Papua New Guinea
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Bilums bring joy to Australia

BY HELLENDRA MARUSE

This story is one of stepping out of comfort zones and believing that there is always a way to achieving your dream.

And if there’s three words to describe Maggie’s incredible story, they are self-belief, determination, and faith.

During our conversation to bring her remarkable story to life, Maggie (pictured right) mentioned the words ‘village girl’ and that she had liked the words used in the title of her story.

That drew my attention and as I listened, her eyes lit up reflecting on her upbringing in her humble village of Pou, Ramba Road, in Mt Hagen in the Western Highlands of Papua New Guinea (PNG).

She explained that the words give her a sense of grounding and belonging and as you will read, her humble upbringing, and values instilled by her parents are her foundation that have steered her journey in life.

Maggie’s story is one of self-determination, perseverance, conviction, humility, vulnerability, and her faith in God that resonate throughout her story.

Maggie Timbi is a mother of two beautiful children, a loving wife, and currently holds the role as a Senior Capital and Risk Analyst at the Bank of Queensland (BOQ)’s Head Office in Newstead, Brisbane. A village girl from the Western Highlands of Papua New Guinea who has paved her way into the corporate world in Australia.

As we sat down over coffee, the ‘WHY’ she had agreed to sharing her story resonated so clearly as I learnt it was her birthday. It struck me that Maggie had given up the morning of her birthday to share her story because the ’WHY’ ’ was important to her. WHY it is important that such stories as hers are shared; so, we can uplift and give hope if it means to one person who reads this story.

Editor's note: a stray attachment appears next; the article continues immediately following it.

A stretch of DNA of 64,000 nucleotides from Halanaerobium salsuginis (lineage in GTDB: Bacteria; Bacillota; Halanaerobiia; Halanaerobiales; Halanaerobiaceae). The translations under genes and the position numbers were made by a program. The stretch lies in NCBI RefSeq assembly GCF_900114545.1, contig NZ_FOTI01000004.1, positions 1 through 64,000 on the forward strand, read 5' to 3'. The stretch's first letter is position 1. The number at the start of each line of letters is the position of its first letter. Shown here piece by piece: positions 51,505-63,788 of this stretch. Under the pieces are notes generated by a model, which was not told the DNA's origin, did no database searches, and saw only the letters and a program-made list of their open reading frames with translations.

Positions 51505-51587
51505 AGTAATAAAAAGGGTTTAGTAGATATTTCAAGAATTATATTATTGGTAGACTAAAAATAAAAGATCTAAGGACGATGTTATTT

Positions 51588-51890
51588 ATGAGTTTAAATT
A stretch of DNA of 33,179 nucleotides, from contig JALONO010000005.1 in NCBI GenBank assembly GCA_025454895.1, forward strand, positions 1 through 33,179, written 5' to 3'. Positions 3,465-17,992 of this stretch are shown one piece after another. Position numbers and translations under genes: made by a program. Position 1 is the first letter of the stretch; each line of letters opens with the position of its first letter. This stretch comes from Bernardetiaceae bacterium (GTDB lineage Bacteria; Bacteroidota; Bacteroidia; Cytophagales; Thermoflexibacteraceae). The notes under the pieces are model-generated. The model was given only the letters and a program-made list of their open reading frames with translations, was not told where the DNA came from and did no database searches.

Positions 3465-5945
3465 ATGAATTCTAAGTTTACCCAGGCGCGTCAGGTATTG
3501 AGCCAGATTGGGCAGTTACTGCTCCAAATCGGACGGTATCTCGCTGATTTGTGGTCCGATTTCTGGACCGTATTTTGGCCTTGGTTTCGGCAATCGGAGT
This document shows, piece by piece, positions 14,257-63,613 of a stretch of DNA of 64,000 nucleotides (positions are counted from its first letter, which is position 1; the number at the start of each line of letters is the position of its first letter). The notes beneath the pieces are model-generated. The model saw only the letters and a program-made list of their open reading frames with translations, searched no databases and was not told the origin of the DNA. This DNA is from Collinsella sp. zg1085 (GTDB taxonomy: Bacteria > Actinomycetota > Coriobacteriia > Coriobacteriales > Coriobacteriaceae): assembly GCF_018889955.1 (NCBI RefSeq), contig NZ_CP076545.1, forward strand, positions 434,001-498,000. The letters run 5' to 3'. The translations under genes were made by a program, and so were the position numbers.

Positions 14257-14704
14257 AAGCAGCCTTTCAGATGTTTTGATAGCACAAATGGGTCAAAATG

And if we can achieve that, then we are sharing a positive light during a time when our country is facing many challenges.

Maggie’s journey to working and living in Australia began after she had successfully graduated in 2006 with a bachelor’s degree in Banking & Finance and International Trade at the University of Victoria in Melbourne.

She was awarded a scholarship with Australia Awards while in her 2nd year as an Economics major at the University of Papua New Guinea (UPNG). Upon her return from Melbourne, Maggie was offered a graduate role under ANZ’s Graduate Development Program in Port Moresby.

Fourteen months into the role, Maggie had decided, she wanted to return to the University of Victoria in Melbourne to pursue a Master’s in Finance, and subsequently a life in Australia. This was a monumental decision and one that would be faced with many challenges.

Firstly, she had not given 2 years of service yet to PNG, as is a requirement of Australia Awards, and two: she had to source funding to meet her tuition fees.

But these challenges weren’t going to deter her, eager to pursue her studies and dream of working and living in Australia, Maggie would put herself out of her comfort zone, being vulnerable, honest, and trusting God through the process.

Maggie contacted the Australia Awards scholarship office in Port Moresby and presented her case to return to Melbourne to pursue her Masters.

Australia Awards contacted their head office in Canberra and to her relief they accepted her request to return to Australia and pursue further studies.